Give me a child
by Bill Hayes
In Give me a child, The Economist looks at early childhood development (ECD), its importance, and how it can be done wrong.
A report in May by Harvard University’s Centre for the Developing Child found that the average impact of ECD experiments studied over the past 50 years has fallen. “There is huge potential in ECD intervention,” says Orazio Attanasio of University College London. “The danger is to assume that any intervention no matter how ill-conceived and ill-designed will work.” Although getting the right answers can improve tens of millions of young lives, there is a real risk that the current wave of enthusiasm for ECD will crash if bad methods are adopted and results disappoint. The latest research suggests at least four things which governments should keep in mind.
First, ECD must focus as much on physical well-being as on training the mind. That element is now missing: most ECD policies put the stress simply on educating kids aged four or five. In fact, health and nutrition are at least as important. A paper in 2008 by Cesar Victora of Federal University of Pelotas in Brazil tracked cohorts of children in five countries (Brazil, Guatemala, India, the Philippines and South Africa) and found a strong correlation between height at the age of two, school results and wages in later life. So correcting the bad nutrition (of expectant mothers as well as infants) that leads to stunting should be a priority. Supplements like iodine and iron for pregnant mothers and vulnerable babies can boost educational performance.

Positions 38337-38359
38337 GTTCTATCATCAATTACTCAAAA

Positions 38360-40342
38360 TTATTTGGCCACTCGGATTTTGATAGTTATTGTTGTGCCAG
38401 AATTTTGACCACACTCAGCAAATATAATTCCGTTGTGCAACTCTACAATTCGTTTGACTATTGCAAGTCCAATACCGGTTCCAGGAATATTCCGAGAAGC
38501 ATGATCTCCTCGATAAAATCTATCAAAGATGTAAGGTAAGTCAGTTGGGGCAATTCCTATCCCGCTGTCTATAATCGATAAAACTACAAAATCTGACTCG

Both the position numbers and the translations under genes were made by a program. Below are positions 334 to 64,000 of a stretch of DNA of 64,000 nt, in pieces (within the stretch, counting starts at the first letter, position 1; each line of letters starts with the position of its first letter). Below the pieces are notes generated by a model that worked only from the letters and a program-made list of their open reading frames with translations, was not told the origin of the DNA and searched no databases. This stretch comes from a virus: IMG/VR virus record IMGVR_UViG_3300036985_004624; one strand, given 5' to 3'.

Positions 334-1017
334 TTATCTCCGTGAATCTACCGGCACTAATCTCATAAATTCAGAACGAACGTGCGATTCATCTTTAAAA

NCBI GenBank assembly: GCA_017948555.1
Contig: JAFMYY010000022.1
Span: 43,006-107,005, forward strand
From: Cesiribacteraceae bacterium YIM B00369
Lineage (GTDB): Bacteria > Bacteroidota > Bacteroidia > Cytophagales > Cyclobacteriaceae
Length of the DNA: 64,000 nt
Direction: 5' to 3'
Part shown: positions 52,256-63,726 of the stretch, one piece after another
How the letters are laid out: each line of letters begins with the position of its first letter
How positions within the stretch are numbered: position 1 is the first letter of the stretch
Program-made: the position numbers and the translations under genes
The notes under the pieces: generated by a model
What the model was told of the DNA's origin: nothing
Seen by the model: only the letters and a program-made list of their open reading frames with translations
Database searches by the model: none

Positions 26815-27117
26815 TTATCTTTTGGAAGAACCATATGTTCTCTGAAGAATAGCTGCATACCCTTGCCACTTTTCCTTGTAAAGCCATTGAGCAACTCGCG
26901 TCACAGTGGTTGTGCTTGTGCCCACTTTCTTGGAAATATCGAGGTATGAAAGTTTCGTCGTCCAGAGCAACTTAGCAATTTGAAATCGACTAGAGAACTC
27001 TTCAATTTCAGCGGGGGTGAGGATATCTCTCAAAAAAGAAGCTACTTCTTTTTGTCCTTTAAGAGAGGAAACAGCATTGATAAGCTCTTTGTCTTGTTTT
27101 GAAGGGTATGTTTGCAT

A second problem is that efforts to boost development in the first years of life can be shoddily run because they fall in the bureaucratic gaps between health and education policies. [more]